Two Women In The Garden Holding Vegetables
sharing garden
(Image credit: Mikhail Spaskov)

Community gardens continue to grow in popularity throughout the country and elsewhere. There are lots of reasons to share a garden with a friend, neighbor, or a group of the same. Usually, the bottom line is getting fresh and often organic produce to feed your family, but not always.

Flowering gardens are sometimes shared across a property line, improving the appearance of more than one landscape. Perhaps, you’re growing a cutting garden with plenty of blooms to supply fresh flowers for two households. While most garden sharing is for the food, keep in mind there are other reasons too.

What is a Shared Garden?

Communal gardening may spring from a community garden or simply from sharing and working a plot of land with one or more neighbors. A long-term joint garden may result in fruit and nut trees that produce heavily after a few years, saving you money at the grocery store. As you may know, gardening is great exercise and can provide a sense of community and belonging.

Even if you just grow vegetables that complete their life cycle within a few months, you can get lots of healthy produce from a relatively short growing season. Why would you get involved in such a collaboration? Again, the reasons are numerous.

Maybe your neighbor has an excellent garden plot laid out that requires just a few amendments, while your own yard does not even have a good, sunny spot. Maybe your yard is too small to add a garden of any size, or you don’t want to disturb a nice lawn. With the right planning, sharing a garden can easily provide enough food for two families.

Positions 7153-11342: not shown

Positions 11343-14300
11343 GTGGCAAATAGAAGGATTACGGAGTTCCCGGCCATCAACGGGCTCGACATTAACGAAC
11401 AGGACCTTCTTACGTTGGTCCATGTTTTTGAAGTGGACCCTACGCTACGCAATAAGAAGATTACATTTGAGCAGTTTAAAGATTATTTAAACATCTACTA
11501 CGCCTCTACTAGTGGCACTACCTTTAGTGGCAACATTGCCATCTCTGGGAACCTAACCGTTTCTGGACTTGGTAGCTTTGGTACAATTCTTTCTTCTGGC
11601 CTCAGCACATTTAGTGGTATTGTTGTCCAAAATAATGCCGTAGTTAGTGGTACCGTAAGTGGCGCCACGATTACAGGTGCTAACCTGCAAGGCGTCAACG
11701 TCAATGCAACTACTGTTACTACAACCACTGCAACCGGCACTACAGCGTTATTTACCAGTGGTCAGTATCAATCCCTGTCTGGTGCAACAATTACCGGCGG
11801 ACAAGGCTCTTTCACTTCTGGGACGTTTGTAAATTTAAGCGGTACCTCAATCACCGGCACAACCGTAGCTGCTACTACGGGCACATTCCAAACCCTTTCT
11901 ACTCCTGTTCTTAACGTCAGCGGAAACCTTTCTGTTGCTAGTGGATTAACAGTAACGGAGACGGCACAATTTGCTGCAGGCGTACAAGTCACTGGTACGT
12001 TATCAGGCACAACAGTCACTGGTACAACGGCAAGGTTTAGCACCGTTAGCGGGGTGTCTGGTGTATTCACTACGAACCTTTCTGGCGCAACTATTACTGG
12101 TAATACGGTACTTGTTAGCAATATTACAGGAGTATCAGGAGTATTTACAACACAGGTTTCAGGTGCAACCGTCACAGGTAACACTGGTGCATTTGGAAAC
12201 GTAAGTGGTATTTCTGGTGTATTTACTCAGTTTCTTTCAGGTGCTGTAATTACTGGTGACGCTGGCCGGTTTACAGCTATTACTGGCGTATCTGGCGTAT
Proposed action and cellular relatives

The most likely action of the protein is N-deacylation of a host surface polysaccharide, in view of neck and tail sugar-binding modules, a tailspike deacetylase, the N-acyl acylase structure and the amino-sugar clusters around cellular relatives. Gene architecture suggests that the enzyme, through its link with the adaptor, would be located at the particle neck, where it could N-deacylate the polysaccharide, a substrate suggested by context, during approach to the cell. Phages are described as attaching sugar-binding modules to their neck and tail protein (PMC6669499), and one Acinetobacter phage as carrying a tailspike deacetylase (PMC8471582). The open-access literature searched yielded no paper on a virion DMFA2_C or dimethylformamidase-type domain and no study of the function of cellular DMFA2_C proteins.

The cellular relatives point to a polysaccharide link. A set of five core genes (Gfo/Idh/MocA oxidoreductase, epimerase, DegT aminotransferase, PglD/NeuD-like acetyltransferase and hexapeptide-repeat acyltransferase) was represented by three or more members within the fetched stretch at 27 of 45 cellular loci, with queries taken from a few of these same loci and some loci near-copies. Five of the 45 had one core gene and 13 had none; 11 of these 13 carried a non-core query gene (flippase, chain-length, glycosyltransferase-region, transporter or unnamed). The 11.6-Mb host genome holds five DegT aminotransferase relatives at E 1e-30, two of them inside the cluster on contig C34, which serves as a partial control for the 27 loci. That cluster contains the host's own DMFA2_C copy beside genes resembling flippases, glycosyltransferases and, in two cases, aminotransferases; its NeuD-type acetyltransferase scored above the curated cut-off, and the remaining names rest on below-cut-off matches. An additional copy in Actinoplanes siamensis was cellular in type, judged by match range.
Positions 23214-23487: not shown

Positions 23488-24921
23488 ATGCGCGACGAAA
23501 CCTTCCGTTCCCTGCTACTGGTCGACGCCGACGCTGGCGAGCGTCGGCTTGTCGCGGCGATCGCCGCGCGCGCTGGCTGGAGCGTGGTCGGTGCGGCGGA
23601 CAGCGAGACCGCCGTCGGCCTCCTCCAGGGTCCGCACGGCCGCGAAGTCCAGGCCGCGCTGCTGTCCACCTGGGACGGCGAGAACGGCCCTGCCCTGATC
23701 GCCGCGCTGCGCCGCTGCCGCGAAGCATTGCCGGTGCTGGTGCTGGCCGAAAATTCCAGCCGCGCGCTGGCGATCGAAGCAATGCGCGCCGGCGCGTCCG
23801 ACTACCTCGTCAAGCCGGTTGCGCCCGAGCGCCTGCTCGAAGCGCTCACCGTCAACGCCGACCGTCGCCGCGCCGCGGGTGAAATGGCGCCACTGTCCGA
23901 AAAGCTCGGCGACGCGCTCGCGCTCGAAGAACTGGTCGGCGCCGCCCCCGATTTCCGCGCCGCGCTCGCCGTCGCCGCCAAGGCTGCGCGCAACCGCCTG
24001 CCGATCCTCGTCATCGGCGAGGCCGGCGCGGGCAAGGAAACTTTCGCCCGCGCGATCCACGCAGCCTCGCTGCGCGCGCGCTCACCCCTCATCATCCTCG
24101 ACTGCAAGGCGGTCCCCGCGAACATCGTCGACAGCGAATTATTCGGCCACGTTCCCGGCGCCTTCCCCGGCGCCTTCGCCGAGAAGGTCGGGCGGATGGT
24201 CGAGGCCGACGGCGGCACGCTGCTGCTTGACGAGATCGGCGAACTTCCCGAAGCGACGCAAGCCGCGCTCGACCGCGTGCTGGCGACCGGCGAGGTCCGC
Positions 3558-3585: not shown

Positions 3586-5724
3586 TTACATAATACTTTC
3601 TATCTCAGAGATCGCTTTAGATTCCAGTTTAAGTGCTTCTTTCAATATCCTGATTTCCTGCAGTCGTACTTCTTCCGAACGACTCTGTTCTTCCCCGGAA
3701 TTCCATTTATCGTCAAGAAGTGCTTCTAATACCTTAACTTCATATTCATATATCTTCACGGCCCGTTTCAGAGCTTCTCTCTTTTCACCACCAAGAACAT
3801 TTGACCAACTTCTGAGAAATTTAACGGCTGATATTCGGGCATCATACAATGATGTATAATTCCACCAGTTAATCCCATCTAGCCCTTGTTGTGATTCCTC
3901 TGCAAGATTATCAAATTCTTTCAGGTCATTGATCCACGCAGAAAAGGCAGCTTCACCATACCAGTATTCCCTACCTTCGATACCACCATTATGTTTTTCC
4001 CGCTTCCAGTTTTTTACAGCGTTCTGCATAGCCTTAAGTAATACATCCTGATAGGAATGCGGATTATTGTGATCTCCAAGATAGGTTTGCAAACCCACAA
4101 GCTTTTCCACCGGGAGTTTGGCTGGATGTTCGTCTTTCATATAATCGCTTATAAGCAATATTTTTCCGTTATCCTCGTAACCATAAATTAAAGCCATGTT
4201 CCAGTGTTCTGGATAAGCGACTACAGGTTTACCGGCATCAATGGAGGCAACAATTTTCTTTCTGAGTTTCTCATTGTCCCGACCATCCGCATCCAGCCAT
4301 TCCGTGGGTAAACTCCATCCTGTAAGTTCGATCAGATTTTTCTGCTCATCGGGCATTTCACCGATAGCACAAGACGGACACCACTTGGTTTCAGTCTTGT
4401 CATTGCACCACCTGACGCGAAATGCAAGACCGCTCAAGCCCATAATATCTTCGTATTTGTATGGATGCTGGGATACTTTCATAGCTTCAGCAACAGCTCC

How to Start a Shared Garden

Depending on your area, you may be able to grow food for several months of the year or even year-round. If you’re growing with one other, or just a few, take the time to lay out a planting schedule with foods you both like and will use.

Include herbs for everyone. If you have a general idea of how much each family will use, plant enough for both, with a little extra. Remember to include succession planting for favorite crops.

Discuss and agree before getting started on what will be planted. Divide the responsibilities evenly so you know who will be in charge of what task. Agree ahead of time on what type of pest control will be used.

Take stock of tools, what you have, and any you may need to purchase. Include where and when they’ll be stored.

Share in the harvesting and split the surplus as previously agreed. You may even have extras that can be divvied and shared with others. Work together to clean up the garden spot well following the harvest.

Stay involved and in constant communication. If things should change, like with the addition of more plants, a new design, or even the inability to perform tasks as planned, you’ll want to discuss these changes and alter them as needed.

Becca Badgett

Becca Badgett was a regular contributor to Gardening Know How for ten years. Co-author of the book How to Grow an EMERGENCY Garden, Becca specializes in succulent and cactus gardening.